Developers can also receive a 2.5% bidding credit if they show they've established a "community benefit agreement" with those who use the ocean space expected to hold the offshore wind energy development, according to the proposed sale notice.

      This includes the local fishing industry, which has voiced clear concerns over how the proposed offshore wind energy development may hurt business.

      Those agreements should specify any compensation the offshore wind energy developer may provide to the impacted businesses and indicate how it intends to resolve or mitigate any impacts.

      The proposed sale notice says that lessees of the wind energy areas must engage with Native American tribes, underserved communities, ocean users and local agencies.

      The Morro Bay wind energy area is directly adjacent to the proposed Chumash Heritage National Marine Sanctuary, and the proposed sale notice indicates that "implications for development" will likely arise as a result.

      Energy companies to place their bids

      A total of 23 commercial developers are qualified to participate in the lease sale. These include Castle Wind LLC, Avangrid Renewables, Equinor Wind US LLC, Orsted North America and Shell New Energies US LLC.

      Other entities who wish to participate in the proposed lease sale may still indicate their interest within the next 60 days.

      Each entity may only bid for one lease per wind energy area, according to the proposed sale notice.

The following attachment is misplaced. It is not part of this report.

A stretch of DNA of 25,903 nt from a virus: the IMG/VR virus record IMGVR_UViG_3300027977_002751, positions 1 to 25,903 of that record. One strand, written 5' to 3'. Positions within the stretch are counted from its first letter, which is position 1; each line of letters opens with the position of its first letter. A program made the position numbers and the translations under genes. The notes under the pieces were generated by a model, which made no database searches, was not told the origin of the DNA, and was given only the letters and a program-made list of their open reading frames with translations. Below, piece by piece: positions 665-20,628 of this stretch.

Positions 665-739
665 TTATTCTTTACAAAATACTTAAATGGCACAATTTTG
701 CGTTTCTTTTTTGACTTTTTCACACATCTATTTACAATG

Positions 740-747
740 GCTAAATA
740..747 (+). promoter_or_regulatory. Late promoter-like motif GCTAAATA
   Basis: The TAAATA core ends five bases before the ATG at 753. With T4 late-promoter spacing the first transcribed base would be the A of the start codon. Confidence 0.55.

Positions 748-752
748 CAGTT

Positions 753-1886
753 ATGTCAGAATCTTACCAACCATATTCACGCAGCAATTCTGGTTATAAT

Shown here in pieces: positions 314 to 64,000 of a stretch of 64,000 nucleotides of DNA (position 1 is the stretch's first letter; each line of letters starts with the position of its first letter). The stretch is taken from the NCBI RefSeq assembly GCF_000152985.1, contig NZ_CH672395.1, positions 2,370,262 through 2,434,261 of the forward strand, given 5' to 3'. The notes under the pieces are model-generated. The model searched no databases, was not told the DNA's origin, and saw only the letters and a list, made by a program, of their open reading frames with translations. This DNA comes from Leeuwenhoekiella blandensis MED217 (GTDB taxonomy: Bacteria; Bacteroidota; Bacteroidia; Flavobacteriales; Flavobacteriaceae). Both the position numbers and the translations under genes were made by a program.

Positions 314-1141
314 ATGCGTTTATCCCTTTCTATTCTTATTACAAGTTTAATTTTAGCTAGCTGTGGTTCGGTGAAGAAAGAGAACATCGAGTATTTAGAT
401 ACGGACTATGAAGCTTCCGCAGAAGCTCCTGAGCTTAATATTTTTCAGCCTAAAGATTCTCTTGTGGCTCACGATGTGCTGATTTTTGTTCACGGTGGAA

BOEM will have measures in place to ensure a company cannot bid against any of its subsidiaries or affiliates to avoid a monopoly in the bidding arena.

      The qualified bidders much each pay a bid deposit of $5 million to bid for one lease area, or $10 million for two, according to the proposed sale notice.

      BOEM has proposed a minimum bid of $100 per acre for the leases, the proposed sale notice says. For the smallest Morro Bay wind energy area lease, the starting bid is slightly more than $8 million.

      The proposed sale notice will publish in the Federal Register on May 31, which then kickstarts a 60-day public comment period.

      BOEM is seeking feedback on the size and number of the proposed lease areas, the bidding credits, how the turbines should be laid out, the underserved community engagement requirements and more.

      After the public comment period is complete, BOEM will take into account the feedback and then publish a final sale notice for the lease areas.

      BOEM is still conducting an environmental assessment analyzing the potential impacts site surveys may have on the Morro Bay wind energy area. That must be completed before the final sale notice is published.

      To date, BOEM has held 10 competitive lease sales and has issued 25 active commercial offshore wind leases in the Atlantic Ocean from Massachusetts to North Carolina. The California lease sale will be the first in the Pacific region.

      This story was originally published May 26, 2022 12:10 PM.

      ___

      (c)2022 The Tribune (San Luis Obispo, Calif.)

      Visit The Tribune (San Luis Obispo, Calif.) at www.sanluisobispo.com

      Distributed by Tribune Content Agency, LLC.

    TOP

    Other Articles - Utility Business / General


    TOP

       Home  -  Feedback  -  Contact Us  -  Safe Sender  -  About Energy Central   
    Copyright © 1996-2022 by CyberTech, Inc. All rights reserved.
    Energy Central® and Energy Central Professional® are registered trademarks of CyberTech, Incorporated. Data and information is provided for informational purposes only, and is not intended for trading purposes. CyberTech does not warrant that the information or services of Energy Central will meet any specific requirements; nor will it be error free or uninterrupted; nor shall CyberTech be liable for any indirect, incidental or consequential damages (including lost data, information or profits) sustained or incurred in connection with the use of, operation of, or inability to use Energy Central. Other terms of use may apply. Membership information is confidential and subject to our privacy agreement.